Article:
The youth in Afghanistan. Kiana Hayeri photographs millennials in Kabul, Afghanistan. Born between 1980 and 2001, they are “a generation that has only known war, a generation that no one really knows about,” says Hayeri, and yet they “show great resiliency and hope.” This slice of underground culture is largely secular — they dance, they drink, they play music, they even box — but not without a price: many live a life of duality, forced to hide their activities from those closest to them. Hayeri captures the many dimensions of youth culture in Afghanistan, which “seems to have found its voice” in the face of oppression.

Financial identity in the developing world. Trust: how do you earn it? Banks and other financial institutions use credit scores to determine if you’re trustworthy, and if they think you are, they lend you money. But Shivani Siroya asks: what about the 2.5 billion people around the world who do not have a credit score or financial identity? Siroya and her team created the app InVenture, which uses mobile data to create a financial identity. She points to Jenipher, a 65-year-old woman in Nairobi who owns a small food stand. The app tracked simple data points, like her regular phone calls to loved ones, to track her trustworthiness and helped her get a small-business loan. “With something as simple as a credit score, we give people the power to build their own futures,” says Siroya. “Our job now is to open the world to Jenipher, and the billions like her.”

Clues to prehistoric times, found in fish. Prosanta Chakrabarty lives for ichthyology — the study of fish. This may seem dull, he admits, but it’s extremely not. In his work, he actively explores caves, some of the most isolated places on earth, to discover new cave species (he’s found 13 new ones so far). Cavefishes live in complete darkness and thus have fascinating adaptations; they don’t have eyes and lack pigment in their skin. He studies their DNA to figure out their closest relatives, which are often surprising: For instance, Typhletoris maraybe is from Madagascar — but its closest relative is in Australia. This gives Chakrabarty clues into how continents broke apart 100 million years ago. “Through their DNA, they give an exact way to time and date geological events,” he says.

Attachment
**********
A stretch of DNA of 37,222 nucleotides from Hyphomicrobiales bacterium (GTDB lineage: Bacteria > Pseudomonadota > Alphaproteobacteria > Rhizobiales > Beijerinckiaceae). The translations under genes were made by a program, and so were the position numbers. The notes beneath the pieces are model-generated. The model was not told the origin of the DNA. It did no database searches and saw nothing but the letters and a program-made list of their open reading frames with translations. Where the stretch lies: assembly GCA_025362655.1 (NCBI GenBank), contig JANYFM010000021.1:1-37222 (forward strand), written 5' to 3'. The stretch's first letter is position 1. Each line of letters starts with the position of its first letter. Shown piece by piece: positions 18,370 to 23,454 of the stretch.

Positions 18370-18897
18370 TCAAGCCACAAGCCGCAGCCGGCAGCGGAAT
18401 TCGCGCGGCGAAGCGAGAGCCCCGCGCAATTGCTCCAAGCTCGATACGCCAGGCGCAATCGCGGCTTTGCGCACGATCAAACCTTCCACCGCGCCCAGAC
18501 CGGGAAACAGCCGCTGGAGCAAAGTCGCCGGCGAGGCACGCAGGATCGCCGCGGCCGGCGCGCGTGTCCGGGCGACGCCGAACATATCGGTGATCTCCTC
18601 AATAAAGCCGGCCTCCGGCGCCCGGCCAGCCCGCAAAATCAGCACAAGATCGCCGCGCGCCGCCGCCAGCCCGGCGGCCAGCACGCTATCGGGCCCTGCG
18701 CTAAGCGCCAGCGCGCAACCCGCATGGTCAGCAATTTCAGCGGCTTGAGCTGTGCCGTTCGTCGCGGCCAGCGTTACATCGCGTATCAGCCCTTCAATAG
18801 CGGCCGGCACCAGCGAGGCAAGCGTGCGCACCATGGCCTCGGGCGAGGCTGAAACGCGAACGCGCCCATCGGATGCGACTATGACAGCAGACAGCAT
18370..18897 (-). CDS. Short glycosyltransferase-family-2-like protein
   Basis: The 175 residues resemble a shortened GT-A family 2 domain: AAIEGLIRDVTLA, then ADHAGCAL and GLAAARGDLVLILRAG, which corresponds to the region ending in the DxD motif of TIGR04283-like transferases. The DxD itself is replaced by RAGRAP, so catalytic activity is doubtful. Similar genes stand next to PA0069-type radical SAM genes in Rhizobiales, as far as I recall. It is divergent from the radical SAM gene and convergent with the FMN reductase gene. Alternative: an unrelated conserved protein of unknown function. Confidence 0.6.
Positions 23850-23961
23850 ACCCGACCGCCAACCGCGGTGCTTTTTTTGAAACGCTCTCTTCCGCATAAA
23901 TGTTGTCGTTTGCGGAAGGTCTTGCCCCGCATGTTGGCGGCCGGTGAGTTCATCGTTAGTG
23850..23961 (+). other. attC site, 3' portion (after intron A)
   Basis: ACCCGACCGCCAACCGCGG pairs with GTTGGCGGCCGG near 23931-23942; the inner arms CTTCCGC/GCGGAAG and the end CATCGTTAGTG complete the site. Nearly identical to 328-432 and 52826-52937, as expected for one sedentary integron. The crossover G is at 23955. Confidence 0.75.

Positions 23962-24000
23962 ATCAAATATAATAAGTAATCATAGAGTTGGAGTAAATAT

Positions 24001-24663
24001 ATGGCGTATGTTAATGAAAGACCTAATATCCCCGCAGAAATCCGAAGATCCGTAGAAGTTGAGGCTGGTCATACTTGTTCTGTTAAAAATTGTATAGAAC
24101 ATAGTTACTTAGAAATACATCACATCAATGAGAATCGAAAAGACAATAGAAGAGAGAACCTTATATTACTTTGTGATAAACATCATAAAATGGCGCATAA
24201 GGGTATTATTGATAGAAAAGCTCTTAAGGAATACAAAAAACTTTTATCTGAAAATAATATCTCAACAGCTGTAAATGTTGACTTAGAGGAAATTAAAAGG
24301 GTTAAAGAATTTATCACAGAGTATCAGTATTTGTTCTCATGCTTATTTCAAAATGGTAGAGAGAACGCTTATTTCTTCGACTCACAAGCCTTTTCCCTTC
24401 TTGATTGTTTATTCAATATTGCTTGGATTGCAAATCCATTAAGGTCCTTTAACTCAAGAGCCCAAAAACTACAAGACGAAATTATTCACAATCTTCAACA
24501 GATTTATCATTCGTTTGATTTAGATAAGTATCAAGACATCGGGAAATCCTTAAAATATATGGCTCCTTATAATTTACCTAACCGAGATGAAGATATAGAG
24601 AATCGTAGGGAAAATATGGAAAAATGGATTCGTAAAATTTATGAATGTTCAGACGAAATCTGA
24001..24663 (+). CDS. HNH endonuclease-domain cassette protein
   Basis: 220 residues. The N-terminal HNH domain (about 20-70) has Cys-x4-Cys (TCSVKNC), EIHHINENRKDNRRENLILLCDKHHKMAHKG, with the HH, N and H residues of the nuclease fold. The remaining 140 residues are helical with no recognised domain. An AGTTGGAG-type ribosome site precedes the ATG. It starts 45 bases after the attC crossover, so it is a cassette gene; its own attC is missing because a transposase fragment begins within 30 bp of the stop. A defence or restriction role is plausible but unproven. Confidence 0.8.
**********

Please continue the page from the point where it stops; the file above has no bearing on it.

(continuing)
A new way for college students to report assault. Jessica Ladd was stunned by the stats surrounding sexual assaults on campus — less than 10% of people who are assaulted report the crime, and 90% of sexual assaults are committed by repeat offenders. An infectious epidemiologist by training, Ladd saw this as “a tragic but solvable problem.” She has created a platform, Callisto, for students to report assaults online without having to identify their assailant — a type of “information escrow” that only releases this information to a third party if certain pre-agreed conditions are met, say if their attacker matches another report. “We could prevent 59 percent of sexual assaults just by stopping repeat perpetrators early on,” says Ladd. This same type of reporting system could also be used in the military or workplace. As she says: “We don’t have to live in a world where 99% of rapists gets away with it.”

Reimagining normal. As a video artist, Safwat Saleem felt self-conscious using his own speaking voice in his work. His fears were confirmed when he saw YouTube commenters deriding his Pakistani accent. Quietly, the audio began to leave his work altogether, because his voice wasn’t “normal.” But as Safwat points out: What is normal? “We must continuously challenge our notion of normal,” he says, “because doing so as a society will help us finally see the sky for what it is.”

A polymath musician. With wild hair and very red socks, Usman Riaz sits down with his guitar to treat us to a song. He’s here to show his guitar technique that’s part percussion, part traditional fingerwork. He plays out the session with the song “Firefly,” lulling the audience with dreamy panache.